Although compliant mechanisms have amazing advantages, they also face tough challenges that have to be surmounted in their designs. Because of the integrated motion and force behaviour in a jointless elastic material and the nonlinearities of large deformations, designing compliant mechanisms is much more difficult than rigid mechanisms. Besides, the motion of compliant mechanisms is often more limited than traditional rigid mechanisms since the deformation of a flexible component is constrained by what it
can undergo before failure. In addition, fatigue life needs to be considered for many compliant mechanisms. When the deformation in a compliant mechanism is repeated during its life, fatigue loads are present and the fatigue life must exceed the expected life of the compliant mechanism. All the challenges facing compliant mechanisms have to be considered in the designs of compliant mechanisms [4].
A constant force mechanism provides an output force that does not change for a large range of input motion. There are a wide variety of applications for constant force mechanisms that include gripping devices to hold delicate or fragile parts of different sizes, electronic connectors to sustain connection despite disturbances and part tolerances, and coupling devices to apply a constant force between a machine and its end effector [34]. Compliant mechanisms have been developed for generating constant force purposes [56].
The performance of a constant force mechanism is characterized by the force (F) applied to it and the deflection
(D) which the applied force results in. The slope of the FD curve is its stiffness of the mechanism denoted by k. If the relationship between force and deflection is represented by a
Fig. 1 The ideal FD curve of a constant force mechanism.
general function
F F(D) , mechanism stiffness can then be
defined as
k(D) d F
d D . For an ideal constant force
mechanism, the force does not change in the entire range of the deflection, i.e., its stiffness is zero from zero deflection (D0) to maximum deflection (Dm) as shown in Fig. 1. Fd is the desired output force for the mechanism.
The resistance force from an elastic component is zero when there is no deflection in it. Then, the ideal FD curve shown in Fig. 1 is impossible for a constant force mechanism that is based on elastic components since the output force is required to be nonzero for zero deflection. When the starting section of the horizontal line in Fig. 1 is replaced by a steep slope, the FD curve becomes that shown in Fig. 2. The FD curve is now possible for constant force mechanisms that are composed of elastic components to generate. The output force is increased from zero to Fd when deflection changes from naugh to D1. The desired constant force is produced in the deflection range of D1 to Dm.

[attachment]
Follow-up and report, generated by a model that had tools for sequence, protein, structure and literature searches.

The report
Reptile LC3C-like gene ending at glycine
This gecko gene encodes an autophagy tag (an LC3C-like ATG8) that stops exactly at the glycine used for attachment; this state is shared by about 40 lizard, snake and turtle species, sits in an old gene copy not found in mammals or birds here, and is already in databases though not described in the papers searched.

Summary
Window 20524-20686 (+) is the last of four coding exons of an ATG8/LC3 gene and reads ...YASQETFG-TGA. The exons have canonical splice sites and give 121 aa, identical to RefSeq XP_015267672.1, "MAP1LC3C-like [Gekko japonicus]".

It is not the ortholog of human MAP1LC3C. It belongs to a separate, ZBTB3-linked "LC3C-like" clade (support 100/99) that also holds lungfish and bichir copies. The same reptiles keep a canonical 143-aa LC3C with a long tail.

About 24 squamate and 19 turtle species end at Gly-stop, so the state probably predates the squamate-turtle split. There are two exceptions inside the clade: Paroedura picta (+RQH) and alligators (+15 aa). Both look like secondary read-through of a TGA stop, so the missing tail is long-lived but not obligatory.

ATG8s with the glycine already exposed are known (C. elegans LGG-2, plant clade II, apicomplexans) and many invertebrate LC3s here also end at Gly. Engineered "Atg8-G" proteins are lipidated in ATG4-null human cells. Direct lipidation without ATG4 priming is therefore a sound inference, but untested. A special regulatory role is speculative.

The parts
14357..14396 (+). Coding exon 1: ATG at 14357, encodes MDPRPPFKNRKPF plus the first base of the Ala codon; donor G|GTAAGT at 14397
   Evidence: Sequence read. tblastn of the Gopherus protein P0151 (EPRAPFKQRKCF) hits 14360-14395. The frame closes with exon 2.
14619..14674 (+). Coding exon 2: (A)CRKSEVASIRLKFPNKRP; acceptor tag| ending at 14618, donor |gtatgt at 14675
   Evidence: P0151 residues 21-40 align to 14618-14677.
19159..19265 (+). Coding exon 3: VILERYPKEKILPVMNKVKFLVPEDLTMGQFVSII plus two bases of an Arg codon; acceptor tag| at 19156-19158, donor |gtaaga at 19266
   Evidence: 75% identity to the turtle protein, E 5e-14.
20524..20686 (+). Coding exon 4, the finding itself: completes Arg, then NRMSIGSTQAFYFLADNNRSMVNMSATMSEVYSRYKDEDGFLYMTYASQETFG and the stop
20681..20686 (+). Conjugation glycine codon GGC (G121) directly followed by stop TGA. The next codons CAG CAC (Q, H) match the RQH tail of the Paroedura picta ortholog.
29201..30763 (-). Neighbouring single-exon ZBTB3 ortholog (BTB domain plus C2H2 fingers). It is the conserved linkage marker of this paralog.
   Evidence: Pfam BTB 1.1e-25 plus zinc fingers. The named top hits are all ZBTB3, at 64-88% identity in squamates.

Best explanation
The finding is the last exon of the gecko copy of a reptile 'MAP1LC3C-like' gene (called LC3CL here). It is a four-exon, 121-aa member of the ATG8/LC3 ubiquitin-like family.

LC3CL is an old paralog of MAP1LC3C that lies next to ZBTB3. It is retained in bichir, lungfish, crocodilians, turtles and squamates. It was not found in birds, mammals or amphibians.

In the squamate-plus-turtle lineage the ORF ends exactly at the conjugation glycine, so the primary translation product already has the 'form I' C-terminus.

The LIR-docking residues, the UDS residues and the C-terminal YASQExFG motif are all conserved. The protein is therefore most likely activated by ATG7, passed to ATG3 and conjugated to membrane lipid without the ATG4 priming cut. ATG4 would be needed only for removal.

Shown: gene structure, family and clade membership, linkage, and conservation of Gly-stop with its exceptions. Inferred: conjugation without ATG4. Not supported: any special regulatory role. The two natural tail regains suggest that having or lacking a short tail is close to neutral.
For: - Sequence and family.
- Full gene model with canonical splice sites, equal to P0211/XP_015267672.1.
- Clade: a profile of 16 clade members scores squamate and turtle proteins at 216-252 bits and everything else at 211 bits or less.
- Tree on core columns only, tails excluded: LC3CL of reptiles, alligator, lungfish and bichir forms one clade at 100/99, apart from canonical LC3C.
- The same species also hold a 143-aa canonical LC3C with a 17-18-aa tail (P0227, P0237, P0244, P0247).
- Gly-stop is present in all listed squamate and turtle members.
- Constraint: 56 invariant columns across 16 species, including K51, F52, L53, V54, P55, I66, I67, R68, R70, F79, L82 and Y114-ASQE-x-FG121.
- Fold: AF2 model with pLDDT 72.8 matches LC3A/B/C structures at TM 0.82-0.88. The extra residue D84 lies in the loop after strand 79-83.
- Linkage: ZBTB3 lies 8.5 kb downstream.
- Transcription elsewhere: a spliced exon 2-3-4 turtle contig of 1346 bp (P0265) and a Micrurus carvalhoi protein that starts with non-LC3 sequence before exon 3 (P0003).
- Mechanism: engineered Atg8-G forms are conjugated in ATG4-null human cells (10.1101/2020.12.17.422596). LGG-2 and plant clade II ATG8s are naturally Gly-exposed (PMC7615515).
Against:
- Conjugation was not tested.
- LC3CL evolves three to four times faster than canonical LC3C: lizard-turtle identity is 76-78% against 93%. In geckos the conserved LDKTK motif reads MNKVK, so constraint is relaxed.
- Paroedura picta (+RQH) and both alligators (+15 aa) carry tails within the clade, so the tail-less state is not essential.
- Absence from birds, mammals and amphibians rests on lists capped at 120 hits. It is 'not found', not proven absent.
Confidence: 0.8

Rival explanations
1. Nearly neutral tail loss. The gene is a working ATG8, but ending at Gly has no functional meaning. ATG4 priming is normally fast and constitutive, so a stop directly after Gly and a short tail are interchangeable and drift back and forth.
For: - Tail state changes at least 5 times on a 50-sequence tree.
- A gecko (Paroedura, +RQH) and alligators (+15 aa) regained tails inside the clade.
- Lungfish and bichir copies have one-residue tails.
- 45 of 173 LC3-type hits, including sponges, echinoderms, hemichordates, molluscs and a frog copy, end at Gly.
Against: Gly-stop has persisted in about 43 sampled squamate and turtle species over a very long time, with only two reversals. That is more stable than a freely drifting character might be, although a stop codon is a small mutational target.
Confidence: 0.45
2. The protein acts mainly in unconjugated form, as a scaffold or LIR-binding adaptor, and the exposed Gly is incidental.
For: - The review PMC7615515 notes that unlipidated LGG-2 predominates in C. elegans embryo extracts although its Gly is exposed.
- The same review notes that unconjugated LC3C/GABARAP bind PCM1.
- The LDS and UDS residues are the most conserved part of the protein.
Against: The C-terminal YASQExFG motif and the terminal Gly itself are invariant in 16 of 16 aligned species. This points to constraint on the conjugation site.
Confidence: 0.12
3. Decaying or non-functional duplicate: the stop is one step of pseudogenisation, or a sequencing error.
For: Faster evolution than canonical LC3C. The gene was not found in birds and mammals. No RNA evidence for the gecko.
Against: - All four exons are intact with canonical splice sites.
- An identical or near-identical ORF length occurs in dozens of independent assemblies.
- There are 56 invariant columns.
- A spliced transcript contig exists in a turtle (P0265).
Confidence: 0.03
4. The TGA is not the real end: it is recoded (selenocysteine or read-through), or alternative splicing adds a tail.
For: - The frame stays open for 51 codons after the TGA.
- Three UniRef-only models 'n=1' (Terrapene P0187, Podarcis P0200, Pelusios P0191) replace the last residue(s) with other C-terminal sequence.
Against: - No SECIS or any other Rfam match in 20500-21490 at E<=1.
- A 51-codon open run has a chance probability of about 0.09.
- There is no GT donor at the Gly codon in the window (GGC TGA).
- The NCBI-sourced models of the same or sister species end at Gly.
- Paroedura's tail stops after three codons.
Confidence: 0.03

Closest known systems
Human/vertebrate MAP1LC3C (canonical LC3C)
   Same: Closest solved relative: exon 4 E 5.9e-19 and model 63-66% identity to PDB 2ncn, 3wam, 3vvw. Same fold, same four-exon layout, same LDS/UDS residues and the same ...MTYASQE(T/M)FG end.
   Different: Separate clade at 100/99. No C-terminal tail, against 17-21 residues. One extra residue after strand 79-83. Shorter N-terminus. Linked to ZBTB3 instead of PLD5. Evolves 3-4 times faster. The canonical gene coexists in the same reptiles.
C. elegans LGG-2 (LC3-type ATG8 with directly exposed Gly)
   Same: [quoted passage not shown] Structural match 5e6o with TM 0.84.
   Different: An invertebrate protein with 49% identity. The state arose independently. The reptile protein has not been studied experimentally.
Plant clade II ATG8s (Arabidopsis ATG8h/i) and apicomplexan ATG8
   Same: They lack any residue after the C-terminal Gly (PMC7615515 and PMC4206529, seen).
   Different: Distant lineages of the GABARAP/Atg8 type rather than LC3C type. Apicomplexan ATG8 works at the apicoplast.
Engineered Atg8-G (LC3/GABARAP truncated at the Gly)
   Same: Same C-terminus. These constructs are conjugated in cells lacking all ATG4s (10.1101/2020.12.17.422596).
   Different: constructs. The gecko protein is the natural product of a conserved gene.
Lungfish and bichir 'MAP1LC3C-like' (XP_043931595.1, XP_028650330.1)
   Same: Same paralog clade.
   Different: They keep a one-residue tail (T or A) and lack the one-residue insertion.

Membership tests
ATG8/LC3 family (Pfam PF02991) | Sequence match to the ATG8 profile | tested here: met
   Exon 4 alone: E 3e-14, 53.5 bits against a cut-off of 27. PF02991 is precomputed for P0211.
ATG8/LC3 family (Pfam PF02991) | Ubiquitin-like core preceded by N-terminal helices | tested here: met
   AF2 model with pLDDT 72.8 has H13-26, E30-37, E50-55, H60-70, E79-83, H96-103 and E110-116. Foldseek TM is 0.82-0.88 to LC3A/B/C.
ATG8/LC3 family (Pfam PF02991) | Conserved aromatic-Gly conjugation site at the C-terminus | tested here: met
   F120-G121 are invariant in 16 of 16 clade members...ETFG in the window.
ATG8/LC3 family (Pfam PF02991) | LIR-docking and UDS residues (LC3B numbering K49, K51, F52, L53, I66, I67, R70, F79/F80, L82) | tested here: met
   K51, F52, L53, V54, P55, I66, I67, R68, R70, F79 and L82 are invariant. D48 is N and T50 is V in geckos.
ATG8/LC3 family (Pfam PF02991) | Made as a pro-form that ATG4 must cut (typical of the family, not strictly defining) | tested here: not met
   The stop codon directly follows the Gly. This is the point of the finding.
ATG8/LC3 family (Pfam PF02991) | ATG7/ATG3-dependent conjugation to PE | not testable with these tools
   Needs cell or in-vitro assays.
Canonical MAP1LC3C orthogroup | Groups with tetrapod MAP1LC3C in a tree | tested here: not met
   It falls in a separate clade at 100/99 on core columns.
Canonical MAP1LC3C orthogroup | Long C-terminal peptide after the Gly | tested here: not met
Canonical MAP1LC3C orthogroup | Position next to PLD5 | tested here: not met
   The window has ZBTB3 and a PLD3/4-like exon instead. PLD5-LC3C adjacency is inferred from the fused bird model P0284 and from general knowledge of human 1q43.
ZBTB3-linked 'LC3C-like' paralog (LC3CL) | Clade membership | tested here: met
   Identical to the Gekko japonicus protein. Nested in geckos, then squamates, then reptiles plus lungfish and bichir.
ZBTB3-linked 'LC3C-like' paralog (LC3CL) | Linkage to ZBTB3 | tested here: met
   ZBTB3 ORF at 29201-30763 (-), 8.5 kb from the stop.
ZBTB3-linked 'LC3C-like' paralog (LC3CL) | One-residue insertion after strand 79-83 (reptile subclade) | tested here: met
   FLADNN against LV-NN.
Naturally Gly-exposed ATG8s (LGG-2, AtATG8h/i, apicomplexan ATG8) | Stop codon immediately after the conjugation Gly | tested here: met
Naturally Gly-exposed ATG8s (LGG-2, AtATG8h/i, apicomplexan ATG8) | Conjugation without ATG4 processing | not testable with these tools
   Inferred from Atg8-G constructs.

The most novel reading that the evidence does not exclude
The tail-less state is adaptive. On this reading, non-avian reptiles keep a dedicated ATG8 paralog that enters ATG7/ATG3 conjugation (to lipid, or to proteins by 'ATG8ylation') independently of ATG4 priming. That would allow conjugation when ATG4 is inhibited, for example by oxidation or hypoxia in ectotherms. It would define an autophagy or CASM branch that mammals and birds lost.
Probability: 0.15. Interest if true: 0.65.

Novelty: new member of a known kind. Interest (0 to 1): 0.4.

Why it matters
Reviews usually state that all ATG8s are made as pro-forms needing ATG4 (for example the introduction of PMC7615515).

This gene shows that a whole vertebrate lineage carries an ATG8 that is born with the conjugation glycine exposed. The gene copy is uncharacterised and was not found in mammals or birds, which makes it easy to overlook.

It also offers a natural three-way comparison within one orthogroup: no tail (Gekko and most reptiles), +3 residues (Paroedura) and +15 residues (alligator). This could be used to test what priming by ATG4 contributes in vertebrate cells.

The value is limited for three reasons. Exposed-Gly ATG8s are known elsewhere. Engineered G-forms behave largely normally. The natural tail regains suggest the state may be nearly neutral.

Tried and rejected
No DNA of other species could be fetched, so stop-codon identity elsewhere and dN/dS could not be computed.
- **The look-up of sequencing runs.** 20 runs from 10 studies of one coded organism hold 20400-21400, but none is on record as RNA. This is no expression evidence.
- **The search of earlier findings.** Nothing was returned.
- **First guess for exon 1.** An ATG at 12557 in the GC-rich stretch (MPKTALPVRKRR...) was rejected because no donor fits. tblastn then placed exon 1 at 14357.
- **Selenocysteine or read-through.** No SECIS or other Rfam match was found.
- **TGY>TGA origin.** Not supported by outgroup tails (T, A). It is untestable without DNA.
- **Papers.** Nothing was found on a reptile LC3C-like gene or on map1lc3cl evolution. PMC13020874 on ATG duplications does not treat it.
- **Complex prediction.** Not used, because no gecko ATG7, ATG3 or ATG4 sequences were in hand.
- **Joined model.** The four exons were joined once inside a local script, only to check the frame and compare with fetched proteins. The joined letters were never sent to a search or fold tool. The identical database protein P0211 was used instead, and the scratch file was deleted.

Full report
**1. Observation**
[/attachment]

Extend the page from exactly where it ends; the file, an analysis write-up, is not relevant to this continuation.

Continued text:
There is a sharp corner in the FD curve shown in Fig. 2, which appears at deflection of D1. It is difficult for an elastic component to have a FD curve with a sharp corner since its force deflection relationship does not change suddenly and is usually a smooth curve. Additionally, the FD curve in Fig. 2 is absolutely horizontal after D1 and has no fluctuation. It is also difficult that the resistance force from an elastic component does not have any change in the deflection range of D1 to Dm. The realistic FD curve for a constant force mechanism based on elastic components is that there is no sharp corner in the entire curve and there is only small fluctuation in the deflection range of D1 to Dm, which is shown in Fig. 3. Although the output force fluctuation from a constant force mechanism cannot be eliminated, it can be reduced or minimized through the optimal design of the mechanism. The desired constant output force is generated by a compliant mechanism in this paper. A design method is presented and discussed in the paper to minimize the output force fluctuation in the required deflection range.
Fig. 2 The desired FD curve of a constant force mechanism.
Fig. 3 The realistic FD curve of a constant force mechanism.
The remainder of the paper is organized as follows. The design formulation on constant force compliant mechanisms is provided in section II. The optimization approach of design parameters is presented in section III. Section IV is on the optimal design of a constant force compliant mechanism using the design method introduced in this paper. Conclusions are finally drawn in section V.

DESIGN FORMULATION FOR CONSTANT FORCE COMPLIANT MECHANISMS
A constant force compliant mechanism is composed of elastic components. If elastic components are considered as building blocks, a constant force compliant mechanism is then made up of a network of building blocks [78]. The configuration of an elastic component is described by its topology, shape and size. The topology of the building blocks used in this paper for constant force compliant mechanisms is curved beams that have variable perpendicular widths, but have no internal holes [9]. The shape of a curved beam is
decided by its center curve while its size depends on its perpendicular width. Both its shape and size of a curved beam can be defined by a variable width spline curve [10]. The center curve of a variable width spline curve is a spline curve that interpolates a set of interpolation points.